On Tue, Mar 06, 2018 at 10:52:35PM +1100, Andrew Greig wrote:
> I had a looked for Raid 1 + Tumbleweed and it seems that there are a few
> "gotchas" in using btrfs in opensuse TW
> It is interestig that Yast2 is held in such high regard for its installation
> and configuration abilities. But for my money the gurpmi command (also the
> Mandriva Control Centre ) was the slickest and easiest I have ever seen.
> Hardware was never a problem for Mandrake/Mandriva, and installation was
> much faster.

Sorry, I have no specific advice about suse.  I've only ever used it when I
had no other choice (i.e. the system already existed, and I had to look after
it, and rebuilding it as Debian or Centos wasn't an option).  The nicest thing
I have to say about suse is that I don't like it, and the only reason I can
think of to use it instead of any other distribution is if you know lots of
other people who use it.

I've got a strong preference for debian (and derivatives like ubuntu) but I'm
happy enough to use nearly any other distro. suse is one of the few I don't
want to work with.

> Sorry about that digression.  So is there a platform that handles RAID
> really well? I went to OpenSuse for mapping. But now photography is my
> main work, so maybe I should be looking at installing the distro which is
> preferrred by developers of the GIMP and also Darktable.

Distributions differ mostly in their management tools, not in what software
they can run.

Some do have significantly more pre-compiled packages than others, so if you
want the largest selection of software, install debian (or ubuntu with the
"universe" repository enabled).

Debian "sid" currently has around 58,000 packages available.  There'll be
slightly fewer in the current "stable" release.  And some of them will be
"duplicates" (because packages are sometimes split into -doc, -dev, ētc
packages).  Still, there's at least 45-50000 distinct, separate software
packages available for installation with an `apt-get install` command,
including gimp and darktable.

The key thing is to get your system rock-solid stable so that you can rely on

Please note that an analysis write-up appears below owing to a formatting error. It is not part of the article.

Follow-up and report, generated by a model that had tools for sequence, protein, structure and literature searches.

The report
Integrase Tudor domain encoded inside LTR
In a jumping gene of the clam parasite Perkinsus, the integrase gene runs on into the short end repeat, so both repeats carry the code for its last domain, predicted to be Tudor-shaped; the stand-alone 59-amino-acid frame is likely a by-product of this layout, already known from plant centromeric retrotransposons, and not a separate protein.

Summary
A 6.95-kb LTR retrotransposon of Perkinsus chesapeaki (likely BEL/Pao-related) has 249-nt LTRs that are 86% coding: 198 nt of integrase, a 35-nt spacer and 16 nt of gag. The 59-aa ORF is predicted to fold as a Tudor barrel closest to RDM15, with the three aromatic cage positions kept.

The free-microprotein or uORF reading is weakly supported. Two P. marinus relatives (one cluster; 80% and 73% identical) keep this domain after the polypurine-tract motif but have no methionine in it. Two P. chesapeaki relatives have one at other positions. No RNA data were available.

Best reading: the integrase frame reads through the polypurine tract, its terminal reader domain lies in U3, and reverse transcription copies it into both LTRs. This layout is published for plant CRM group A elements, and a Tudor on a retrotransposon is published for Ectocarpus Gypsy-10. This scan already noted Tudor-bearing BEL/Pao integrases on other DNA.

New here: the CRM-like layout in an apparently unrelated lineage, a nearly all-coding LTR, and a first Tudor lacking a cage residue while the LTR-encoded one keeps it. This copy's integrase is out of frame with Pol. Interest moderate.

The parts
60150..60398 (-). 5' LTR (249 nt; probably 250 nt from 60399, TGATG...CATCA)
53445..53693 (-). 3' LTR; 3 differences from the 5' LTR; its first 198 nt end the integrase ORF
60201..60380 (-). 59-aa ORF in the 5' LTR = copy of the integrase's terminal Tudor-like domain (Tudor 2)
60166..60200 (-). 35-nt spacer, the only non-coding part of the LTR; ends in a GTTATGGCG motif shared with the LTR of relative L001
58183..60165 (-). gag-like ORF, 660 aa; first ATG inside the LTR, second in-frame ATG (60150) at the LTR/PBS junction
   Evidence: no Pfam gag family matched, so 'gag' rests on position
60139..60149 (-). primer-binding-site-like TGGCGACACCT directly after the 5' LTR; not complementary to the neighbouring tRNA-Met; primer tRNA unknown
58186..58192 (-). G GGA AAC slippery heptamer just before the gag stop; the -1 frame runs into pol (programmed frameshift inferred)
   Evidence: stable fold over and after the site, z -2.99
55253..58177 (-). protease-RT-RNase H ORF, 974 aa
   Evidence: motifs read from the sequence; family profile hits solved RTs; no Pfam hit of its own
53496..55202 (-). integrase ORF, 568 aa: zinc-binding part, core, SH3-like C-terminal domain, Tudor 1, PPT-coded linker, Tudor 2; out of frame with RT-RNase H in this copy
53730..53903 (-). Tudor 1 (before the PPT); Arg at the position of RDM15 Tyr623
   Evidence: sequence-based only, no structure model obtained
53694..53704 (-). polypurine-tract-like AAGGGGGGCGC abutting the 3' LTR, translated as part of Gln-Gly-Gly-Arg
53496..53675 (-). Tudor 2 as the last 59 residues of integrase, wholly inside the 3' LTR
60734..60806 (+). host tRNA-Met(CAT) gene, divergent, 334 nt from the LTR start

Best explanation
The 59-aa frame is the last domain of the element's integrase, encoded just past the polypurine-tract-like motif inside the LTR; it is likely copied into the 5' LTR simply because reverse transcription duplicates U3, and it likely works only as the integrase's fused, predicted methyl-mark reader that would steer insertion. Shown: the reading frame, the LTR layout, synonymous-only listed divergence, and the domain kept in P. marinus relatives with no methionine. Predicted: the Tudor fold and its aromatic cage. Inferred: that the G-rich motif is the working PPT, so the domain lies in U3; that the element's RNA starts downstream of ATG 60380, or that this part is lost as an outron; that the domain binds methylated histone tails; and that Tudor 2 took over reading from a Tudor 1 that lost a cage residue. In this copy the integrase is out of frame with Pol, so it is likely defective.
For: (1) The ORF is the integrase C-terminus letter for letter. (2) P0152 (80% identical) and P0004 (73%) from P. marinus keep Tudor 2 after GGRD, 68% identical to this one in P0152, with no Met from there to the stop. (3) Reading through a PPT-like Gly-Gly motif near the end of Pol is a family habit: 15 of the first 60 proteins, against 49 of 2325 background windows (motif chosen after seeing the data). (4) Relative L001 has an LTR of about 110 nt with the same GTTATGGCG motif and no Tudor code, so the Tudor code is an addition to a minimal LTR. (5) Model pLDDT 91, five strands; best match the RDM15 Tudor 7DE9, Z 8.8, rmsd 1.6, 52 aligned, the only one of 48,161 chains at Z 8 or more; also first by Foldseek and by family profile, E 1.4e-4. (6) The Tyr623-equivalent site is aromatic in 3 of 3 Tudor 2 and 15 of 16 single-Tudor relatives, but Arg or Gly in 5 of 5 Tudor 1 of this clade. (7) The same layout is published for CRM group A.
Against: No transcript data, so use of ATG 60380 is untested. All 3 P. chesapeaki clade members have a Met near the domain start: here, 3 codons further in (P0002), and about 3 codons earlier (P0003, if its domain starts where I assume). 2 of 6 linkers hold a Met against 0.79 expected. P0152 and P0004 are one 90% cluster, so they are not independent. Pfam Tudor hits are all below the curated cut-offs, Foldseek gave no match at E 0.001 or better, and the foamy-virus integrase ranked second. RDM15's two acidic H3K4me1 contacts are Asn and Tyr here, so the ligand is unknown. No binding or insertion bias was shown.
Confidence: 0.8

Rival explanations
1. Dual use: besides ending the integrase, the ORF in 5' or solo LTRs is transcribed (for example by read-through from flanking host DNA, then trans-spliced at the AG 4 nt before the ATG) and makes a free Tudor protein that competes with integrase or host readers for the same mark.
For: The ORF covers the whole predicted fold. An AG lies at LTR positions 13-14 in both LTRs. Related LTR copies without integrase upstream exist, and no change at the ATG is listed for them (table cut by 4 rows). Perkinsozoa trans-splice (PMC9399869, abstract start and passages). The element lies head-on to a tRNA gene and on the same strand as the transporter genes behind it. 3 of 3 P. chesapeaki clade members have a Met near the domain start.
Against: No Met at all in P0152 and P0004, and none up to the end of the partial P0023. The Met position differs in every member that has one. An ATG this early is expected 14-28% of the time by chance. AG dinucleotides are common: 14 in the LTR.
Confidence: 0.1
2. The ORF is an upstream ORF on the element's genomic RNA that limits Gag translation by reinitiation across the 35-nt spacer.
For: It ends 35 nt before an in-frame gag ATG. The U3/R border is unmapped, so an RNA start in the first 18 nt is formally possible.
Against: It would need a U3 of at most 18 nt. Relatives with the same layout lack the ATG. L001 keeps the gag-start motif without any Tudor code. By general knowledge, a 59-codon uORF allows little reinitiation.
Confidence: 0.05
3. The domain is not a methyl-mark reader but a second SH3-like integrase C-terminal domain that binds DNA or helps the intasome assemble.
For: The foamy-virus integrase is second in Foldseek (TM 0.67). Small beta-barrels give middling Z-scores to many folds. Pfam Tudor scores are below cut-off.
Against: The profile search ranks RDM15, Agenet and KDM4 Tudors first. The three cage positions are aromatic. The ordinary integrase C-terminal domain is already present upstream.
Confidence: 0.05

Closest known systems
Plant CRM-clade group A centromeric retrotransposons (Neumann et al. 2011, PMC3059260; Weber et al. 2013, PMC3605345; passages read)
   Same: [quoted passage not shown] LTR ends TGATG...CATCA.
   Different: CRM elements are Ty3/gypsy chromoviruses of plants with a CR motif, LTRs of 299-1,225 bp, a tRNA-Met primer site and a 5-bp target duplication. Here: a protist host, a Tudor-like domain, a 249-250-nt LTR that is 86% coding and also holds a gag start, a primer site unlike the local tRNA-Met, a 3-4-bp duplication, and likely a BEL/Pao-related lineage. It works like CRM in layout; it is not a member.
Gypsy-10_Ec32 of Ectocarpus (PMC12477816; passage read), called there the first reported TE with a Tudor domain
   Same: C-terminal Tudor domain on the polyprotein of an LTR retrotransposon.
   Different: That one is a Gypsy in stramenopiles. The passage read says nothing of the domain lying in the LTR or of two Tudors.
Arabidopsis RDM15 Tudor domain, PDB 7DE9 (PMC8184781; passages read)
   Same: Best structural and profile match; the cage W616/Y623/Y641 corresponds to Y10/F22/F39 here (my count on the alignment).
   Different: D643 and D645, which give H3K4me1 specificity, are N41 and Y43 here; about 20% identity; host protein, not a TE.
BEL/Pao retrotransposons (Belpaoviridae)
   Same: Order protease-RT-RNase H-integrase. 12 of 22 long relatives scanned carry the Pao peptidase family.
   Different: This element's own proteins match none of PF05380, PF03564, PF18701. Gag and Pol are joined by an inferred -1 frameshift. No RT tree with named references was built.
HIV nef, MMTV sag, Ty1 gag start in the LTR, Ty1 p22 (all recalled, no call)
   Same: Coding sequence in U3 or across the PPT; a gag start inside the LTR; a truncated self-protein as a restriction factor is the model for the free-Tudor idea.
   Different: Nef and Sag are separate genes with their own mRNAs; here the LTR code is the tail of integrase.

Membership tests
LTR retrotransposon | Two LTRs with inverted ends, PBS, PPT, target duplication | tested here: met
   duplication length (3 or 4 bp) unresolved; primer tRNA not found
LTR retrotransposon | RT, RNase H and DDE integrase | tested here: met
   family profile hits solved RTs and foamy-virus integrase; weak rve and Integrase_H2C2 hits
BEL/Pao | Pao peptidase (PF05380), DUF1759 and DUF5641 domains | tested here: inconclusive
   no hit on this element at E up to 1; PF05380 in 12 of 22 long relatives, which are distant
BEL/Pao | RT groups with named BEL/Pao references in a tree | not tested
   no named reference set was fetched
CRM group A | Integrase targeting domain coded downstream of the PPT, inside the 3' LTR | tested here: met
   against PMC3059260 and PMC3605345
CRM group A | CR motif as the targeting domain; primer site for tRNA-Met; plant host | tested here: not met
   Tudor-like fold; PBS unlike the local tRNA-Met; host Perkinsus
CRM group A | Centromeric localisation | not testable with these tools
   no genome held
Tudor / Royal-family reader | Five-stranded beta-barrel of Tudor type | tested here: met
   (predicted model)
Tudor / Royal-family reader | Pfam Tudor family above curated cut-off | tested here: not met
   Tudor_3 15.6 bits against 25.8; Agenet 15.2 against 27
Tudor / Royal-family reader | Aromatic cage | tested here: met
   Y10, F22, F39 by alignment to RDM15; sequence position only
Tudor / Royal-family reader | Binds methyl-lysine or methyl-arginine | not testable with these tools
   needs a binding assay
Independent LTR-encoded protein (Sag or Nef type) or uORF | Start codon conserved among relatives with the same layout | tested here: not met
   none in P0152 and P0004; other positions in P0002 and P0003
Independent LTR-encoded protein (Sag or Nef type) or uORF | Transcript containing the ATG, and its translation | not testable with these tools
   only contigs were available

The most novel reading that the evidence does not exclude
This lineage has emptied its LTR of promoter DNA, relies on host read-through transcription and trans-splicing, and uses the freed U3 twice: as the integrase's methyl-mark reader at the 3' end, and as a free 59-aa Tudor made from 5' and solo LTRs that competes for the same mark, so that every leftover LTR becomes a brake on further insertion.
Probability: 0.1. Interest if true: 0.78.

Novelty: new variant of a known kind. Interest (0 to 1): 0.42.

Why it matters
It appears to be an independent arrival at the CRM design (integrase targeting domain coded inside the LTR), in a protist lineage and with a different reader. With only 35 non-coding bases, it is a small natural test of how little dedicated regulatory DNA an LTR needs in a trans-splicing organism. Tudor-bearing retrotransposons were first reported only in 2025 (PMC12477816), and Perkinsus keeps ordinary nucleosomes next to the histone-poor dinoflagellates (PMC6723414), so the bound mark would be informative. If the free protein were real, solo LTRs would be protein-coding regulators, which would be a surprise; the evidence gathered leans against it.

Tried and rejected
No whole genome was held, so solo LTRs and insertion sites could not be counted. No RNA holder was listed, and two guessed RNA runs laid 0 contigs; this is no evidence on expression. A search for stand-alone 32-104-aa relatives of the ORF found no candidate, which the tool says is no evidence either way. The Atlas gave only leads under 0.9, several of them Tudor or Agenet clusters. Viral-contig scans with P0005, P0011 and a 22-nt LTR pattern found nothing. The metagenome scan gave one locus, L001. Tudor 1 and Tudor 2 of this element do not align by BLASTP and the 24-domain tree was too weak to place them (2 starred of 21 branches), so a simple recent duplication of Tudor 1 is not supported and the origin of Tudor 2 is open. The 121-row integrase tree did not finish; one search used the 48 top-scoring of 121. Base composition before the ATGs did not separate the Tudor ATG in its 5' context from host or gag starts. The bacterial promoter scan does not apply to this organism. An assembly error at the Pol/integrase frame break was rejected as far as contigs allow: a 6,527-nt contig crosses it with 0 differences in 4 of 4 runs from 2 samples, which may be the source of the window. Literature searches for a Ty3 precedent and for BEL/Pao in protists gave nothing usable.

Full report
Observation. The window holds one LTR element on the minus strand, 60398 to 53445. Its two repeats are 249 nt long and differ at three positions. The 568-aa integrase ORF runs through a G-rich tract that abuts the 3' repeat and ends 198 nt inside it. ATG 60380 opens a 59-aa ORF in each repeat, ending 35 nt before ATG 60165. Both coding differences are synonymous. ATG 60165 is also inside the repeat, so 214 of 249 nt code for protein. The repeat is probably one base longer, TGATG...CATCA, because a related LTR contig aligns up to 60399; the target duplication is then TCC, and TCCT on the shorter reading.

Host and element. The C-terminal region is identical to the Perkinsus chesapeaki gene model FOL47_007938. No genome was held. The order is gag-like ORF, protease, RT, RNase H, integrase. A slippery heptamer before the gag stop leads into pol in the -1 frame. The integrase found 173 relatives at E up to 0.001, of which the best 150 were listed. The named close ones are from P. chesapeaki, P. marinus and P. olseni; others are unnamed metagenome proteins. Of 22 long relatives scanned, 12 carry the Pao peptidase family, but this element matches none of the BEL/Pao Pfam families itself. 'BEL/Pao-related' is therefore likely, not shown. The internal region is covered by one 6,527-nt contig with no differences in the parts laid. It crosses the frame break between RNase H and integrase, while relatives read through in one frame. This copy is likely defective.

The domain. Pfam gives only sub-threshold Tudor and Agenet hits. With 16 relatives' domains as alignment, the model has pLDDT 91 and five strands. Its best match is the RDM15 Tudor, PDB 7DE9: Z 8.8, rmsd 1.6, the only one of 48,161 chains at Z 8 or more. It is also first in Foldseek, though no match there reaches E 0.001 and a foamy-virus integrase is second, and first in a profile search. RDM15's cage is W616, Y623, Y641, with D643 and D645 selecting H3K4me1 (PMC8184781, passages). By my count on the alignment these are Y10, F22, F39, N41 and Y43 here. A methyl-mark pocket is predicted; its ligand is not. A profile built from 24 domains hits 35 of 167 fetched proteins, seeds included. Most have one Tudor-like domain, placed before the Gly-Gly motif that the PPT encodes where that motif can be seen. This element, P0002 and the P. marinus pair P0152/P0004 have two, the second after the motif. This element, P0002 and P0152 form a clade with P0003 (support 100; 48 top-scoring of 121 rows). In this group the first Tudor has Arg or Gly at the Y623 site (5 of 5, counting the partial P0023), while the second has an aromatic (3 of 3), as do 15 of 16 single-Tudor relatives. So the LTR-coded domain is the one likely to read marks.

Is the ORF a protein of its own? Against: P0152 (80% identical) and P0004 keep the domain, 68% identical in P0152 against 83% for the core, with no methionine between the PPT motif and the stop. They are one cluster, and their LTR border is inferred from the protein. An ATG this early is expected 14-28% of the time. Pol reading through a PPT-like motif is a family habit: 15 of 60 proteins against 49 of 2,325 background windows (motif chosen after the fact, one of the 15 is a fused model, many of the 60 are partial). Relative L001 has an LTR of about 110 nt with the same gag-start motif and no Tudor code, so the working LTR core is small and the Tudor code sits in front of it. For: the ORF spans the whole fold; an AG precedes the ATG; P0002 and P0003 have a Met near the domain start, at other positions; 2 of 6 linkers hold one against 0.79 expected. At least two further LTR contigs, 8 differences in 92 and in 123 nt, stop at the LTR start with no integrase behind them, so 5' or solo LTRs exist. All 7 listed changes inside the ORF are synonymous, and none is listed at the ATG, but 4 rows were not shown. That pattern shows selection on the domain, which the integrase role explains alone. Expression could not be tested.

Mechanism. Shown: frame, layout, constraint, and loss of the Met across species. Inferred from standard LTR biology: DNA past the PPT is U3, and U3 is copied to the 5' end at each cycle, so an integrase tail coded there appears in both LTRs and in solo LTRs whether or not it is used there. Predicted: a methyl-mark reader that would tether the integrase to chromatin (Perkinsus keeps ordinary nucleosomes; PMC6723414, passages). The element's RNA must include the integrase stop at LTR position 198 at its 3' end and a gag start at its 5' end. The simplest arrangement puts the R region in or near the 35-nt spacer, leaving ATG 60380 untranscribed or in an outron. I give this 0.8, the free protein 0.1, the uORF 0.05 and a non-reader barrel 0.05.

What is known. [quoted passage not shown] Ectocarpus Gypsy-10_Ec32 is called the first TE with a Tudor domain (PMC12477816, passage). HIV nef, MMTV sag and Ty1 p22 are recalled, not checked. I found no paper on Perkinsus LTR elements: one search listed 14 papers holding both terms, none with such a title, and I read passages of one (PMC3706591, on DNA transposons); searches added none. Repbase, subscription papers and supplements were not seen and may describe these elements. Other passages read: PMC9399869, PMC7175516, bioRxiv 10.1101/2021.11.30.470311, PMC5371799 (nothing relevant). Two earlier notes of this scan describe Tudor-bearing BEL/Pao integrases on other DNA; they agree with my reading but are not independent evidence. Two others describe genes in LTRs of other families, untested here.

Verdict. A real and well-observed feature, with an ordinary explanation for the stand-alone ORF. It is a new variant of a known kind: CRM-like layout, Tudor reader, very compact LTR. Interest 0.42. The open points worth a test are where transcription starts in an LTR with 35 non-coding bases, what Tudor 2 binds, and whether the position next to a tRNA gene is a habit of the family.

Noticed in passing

it to get your work done.

Then stop fiddling with it and start working :)

Just keep upgrading regularly, for security and major bug-fixes. Every
so often there'll be a new major release to upgrade to.  Any of the
debian-derived distributions (debian itself, ubuntu, mint, etc) will make that
a breeze - smooth well-tested upgrades have been one of debian's strengths
since the 90s.

Other distros...not so much.  Some make a reasonable effort, but most just
give up and say "back up your data, install from scratch, and restore" as if
that's a reasonable upgrade procedure, as if hours of downtime is acceptable.
The only thing good about that is that it's a rehearsal for a disaster
recovery procedure.

So if you're asking for my advice on what distro to use - it's Debian, Ubuntu,
or Mint.

Of the non-debian distros, probably Fedora or Centos.

BTW, it's not always a good idea to follow install instructions from
developers.  Many of them are focused exclusively on their pride and joy and
don't give a damn about the operating system it runs on....and many see the
OS as an obstacle to be worked around.  Distribution maintainers, OTOH, have
to think of the bigger picture - the user will be using their system for more
than running just one application, they need a functioning and maintainable
*system*.  So if you see developers giving instructions like "make install"
or something insane like "run 'curl URL | sudo bash'"" then check to see if
that software is already packaged for your distro.  Even if the package is a
version or two behind, it's not worth breaking the system just to have the
newest, shiniest version.

Often someone has made a package for newer versions anyway - maybe on
backports.debian.org for debian or PPA repositories for ubuntu.


craig sanders <c...@taz.net.au>
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